Part III of V – Eric Lefebvre, chief technology officer, Sovos
Click here to read part II of the series.
Government-mandated e-invoicing laws are making their way across nearly every region of the globe, bringing more stringent mandates and expectations on businesses. Inserted into every aspect of your operation, governments are now an omni-present influence in your data stack reviewing every transaction in real time as it traverses your network. Real-time monitoring has also brought about real-time enforcement that can range in severity from significant fines to shutting your business down completely. All of this has created a new reality for IT leaders who need a strategy to deal with these global changes. We asked our chief technology officer, Eric Lefebvre to offer his guidance on how this will affect IT departments and how they can best prepare.
Q: With government authorities now in companies’ data and demanding real or near real-time reporting, what impact will this have on IT departments?
Eric Lefebvre: Centralization is the key, but there is a process that needs to be followed to execute correctly. At the outset, centralization needs to start with business processes, practices, tools and standardization on data push/pull technologies across the organization. Next, IT needs to consider data based on SLA-based needs. Starting with:
- Real-time data
- Data warehouse – reporting data
- Archive data
Once this has been solidified, IT can then focus on operational data, which contains:
- Mandate-driven configuration data or rules
- System telemetric
IT departments need to focus on availability of data by adding multiple replicated sources of that data. Location of data is another critical need driven by mandates mostly shifting to keeping data local, as we are seeing in countries such as Saudi Arabia and many other East Asian nations. IT departments need to ensure that satellite data stores can be provided, which are critical to countries with those specifications. Centralization of processes and tools for delivery of data is step one. For step two, data needs to be split, moving away from storing data for years in a single data store, making it impossible to move/replicate and make it available.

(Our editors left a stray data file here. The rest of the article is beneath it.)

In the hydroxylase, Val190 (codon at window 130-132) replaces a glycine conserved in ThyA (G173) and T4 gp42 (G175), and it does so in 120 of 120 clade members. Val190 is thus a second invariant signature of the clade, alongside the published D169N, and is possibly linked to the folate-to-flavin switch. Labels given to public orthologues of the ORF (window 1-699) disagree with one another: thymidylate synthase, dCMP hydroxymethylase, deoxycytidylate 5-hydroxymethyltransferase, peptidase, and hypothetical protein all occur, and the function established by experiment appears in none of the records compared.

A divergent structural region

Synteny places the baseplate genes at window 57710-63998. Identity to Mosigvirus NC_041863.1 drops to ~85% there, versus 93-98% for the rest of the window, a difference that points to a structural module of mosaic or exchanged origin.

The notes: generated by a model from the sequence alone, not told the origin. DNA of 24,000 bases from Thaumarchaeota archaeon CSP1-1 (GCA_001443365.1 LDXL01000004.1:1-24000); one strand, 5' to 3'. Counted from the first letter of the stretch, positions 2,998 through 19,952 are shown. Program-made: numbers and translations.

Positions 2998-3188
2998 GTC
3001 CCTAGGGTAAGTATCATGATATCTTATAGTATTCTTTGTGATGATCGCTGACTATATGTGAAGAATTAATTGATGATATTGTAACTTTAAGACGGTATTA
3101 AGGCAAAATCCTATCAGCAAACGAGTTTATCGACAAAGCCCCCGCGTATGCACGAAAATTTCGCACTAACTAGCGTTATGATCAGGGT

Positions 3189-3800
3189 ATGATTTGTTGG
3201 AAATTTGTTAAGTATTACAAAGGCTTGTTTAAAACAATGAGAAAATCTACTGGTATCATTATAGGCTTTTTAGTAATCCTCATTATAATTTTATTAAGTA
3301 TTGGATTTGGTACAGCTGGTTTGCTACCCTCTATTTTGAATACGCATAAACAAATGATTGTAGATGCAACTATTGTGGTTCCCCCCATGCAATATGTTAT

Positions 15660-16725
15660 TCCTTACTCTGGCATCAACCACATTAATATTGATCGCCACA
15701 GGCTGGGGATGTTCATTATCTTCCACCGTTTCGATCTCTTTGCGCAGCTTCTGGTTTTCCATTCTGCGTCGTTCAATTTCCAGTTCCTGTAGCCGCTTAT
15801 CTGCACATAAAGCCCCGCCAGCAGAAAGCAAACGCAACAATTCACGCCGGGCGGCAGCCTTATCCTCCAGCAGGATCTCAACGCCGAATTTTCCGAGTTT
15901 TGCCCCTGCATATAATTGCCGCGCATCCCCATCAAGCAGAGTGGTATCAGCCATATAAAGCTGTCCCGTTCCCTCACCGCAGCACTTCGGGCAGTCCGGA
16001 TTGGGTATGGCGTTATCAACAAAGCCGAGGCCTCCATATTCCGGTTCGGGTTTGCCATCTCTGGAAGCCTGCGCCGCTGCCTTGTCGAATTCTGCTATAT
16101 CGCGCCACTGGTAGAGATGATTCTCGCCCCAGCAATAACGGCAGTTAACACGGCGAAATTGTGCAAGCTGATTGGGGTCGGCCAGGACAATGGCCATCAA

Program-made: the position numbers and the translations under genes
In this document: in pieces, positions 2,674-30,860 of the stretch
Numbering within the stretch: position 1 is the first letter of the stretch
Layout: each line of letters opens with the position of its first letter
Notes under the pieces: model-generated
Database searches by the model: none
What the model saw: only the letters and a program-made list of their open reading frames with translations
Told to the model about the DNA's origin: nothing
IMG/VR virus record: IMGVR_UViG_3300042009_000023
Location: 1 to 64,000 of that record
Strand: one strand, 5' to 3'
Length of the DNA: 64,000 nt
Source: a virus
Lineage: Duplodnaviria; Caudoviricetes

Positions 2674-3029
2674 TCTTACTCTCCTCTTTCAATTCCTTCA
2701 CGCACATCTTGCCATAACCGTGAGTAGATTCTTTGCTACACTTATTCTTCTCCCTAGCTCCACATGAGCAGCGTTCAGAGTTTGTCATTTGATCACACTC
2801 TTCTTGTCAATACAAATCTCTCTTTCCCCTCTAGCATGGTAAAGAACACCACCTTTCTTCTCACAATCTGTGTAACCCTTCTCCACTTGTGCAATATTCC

Q: To meet government mandates and ensure operations continue uninterrupted, what should IT prioritize? What approach would you recommend?
Eric Lefebvre: As organizations make the move to a centralized approach, they need to be aware that the blast radius of “failure” affects more than a single country. To combat this, IT organizations need to have strong procedures and plans in place that help to both avoid these situations and quickly limit the damage if a problem does occur. I view it as three distinct focus areas:
Change control procedures. Strengthen impact controls not just for code changes or operational updates, but also include regulatory changes and configuration changes.
Testing procedures. Step away from just regional scope testing and incorporate global end-to-end synthetic testing, starting from the edge service to all the backend servers and back.
Incident management. Pivot from backend monitoring to a central monitoring and outage single pane view, supported by a global operations center in a follow the sun style model.
A lot has changed in the world of government mandated e-invoicing. Continued investment in technology by government authorities has put regulators in the position to demand greater transparency along with more detailed and real-time reporting. To meet these demands, companies are looking to their IT organizations. The good news is you don’t need to go it alone. Sovos has the expertise to guide you through this global evolution based on our experience working with many of the world’s leading brands.